And it was probably a good thing.  After all, church services were usually characterized by blazing sermons, roaring ministers, fists hammering the podium, and dire threats of consequences for disobedience.  Ministers proudly described how they had disfellowshipped rebellious members, openly accused public figures of being QUEER, and railed at great length about MASTURBATION!  It was hardly a typical church service of the type most new people were used to. 

Now and then, even after a honeymoon period of intense correspondence course and booklet study (you couldn't "understand" the Bible without church publications to guide you), occasionally a new member, upon witnessing the decidedly un-church-like atmosphere of a RCG/WCG service, was so stunned or traumatized that they simply never came back. 

But most of the time, the programming worked.

How It Worked

Today we call it programming, or brainwashing.  Back then we called it conversion.  So how did it work? 

The initial hook, of course, was the radio (and later, TV) program.  Herbert Armstrong, and later his son Ted, talked for 30 minutes about world news and how it applied to prophesy.  The program was a fishing expedition, hanging out the bait as a lure for religious-minded folks who were dissatisfied with their current church, or for anyone concerned about the future of America in the Cold War.  Millions lived in dread of nuclear holocaust, and saw no end in sight that did not include a mushroom cloud.  Such people were ripe for plucking, willing to grasp any straw that might offer protection for them and their children.  The Armstrongs boldly promised that protection, but only if one were willing to "obey God".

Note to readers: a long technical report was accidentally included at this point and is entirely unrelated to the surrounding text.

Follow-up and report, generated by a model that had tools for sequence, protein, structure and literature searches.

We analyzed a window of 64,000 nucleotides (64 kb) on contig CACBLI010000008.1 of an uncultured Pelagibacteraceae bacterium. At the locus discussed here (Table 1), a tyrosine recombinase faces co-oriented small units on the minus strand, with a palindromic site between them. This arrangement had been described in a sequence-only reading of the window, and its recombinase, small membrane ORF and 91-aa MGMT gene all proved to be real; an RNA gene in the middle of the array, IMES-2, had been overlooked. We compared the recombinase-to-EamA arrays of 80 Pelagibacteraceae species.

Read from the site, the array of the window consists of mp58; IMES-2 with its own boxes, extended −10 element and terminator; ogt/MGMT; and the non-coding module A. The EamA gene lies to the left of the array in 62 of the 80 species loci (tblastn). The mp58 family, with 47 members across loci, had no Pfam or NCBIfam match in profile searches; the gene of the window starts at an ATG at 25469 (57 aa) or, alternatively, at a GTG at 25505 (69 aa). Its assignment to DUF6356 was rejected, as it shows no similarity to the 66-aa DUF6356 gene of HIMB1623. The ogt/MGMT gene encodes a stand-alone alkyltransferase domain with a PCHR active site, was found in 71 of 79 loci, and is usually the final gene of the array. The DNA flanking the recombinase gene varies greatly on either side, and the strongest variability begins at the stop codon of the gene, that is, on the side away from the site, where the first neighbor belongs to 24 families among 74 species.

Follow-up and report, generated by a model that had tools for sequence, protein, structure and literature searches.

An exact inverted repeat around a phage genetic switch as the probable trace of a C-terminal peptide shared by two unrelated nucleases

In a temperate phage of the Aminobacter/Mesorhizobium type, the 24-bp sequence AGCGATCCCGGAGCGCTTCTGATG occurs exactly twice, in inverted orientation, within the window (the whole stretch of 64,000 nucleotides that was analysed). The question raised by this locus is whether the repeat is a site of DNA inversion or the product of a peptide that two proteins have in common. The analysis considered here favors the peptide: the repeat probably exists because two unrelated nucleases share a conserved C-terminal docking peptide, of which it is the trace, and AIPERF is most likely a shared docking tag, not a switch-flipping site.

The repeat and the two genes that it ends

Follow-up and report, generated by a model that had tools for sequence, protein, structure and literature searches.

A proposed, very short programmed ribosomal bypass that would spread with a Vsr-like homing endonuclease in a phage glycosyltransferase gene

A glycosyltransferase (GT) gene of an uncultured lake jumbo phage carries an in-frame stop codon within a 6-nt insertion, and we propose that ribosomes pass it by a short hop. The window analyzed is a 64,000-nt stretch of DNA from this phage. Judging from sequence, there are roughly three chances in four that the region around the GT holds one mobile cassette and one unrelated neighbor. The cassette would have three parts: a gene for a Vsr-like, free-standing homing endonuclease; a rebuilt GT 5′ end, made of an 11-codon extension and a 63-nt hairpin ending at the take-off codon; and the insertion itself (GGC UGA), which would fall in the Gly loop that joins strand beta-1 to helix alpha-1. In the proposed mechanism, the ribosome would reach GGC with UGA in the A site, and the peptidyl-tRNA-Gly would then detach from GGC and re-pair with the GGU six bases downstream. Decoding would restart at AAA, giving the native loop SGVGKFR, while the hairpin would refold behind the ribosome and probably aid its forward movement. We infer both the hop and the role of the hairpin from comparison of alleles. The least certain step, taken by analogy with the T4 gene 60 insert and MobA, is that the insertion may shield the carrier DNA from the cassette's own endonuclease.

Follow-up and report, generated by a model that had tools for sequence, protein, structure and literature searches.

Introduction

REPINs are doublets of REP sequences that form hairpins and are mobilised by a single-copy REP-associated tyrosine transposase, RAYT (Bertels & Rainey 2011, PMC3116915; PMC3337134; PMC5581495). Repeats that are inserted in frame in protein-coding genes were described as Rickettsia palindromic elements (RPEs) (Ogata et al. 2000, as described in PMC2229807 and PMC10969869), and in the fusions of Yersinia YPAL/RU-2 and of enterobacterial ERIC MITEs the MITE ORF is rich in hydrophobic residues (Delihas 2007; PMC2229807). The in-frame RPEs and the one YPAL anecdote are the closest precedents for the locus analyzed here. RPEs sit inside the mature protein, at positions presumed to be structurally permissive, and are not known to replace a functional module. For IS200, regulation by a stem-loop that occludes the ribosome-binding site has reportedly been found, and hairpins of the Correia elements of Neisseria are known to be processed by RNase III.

All you had to do was write to PO Box 111 , Pasadena , California .

You didn't need to send any money.

Everything was free!

Well, that wasn't so hard, was it?  Many people did write, requesting the Plain Truth, the Bible Correspondence Course, and various booklets.

The booklets themselves were fascinating to many people.  The titles asked questions which were answered inside: 


Why Were You Born? 

The Proof of the Bible

Seven Proofs God Exists

Just What Do You Mean, Born Again? 

The Key to the Book of Revelation

The United States and British Commonwealth In Prophecy

Pagan Holidays or God's Holy Days -- Which?

Who Is the Beast?


Such titles were, for the religious-minded, impossible to ignore.  Advertising at its finest.  There were hundreds of such titles, enough to keep people reading for years.  And, of course, back in those early days, the all-time greatest classic of all:

                1975 In Prophecy

(But we never, ever set dates!)

"Don't Believe Me!"

It worked differently for different people, of course.  Some people ordered all the materials, studied them, and never contacted Pasadena .  Others contacted Pasadena right away, requested a visit, and did their study afterwards.  Others handled it in various ways, but sooner or later, they all began to take in the "milk" offered, and as they studied deeper, the milk became stronger.  Those who were inclined toward religion and those predisposed toward cults began to swallow more and more "new truth".  They read their Bibles religiously, diligently guided by Armstrong's publications.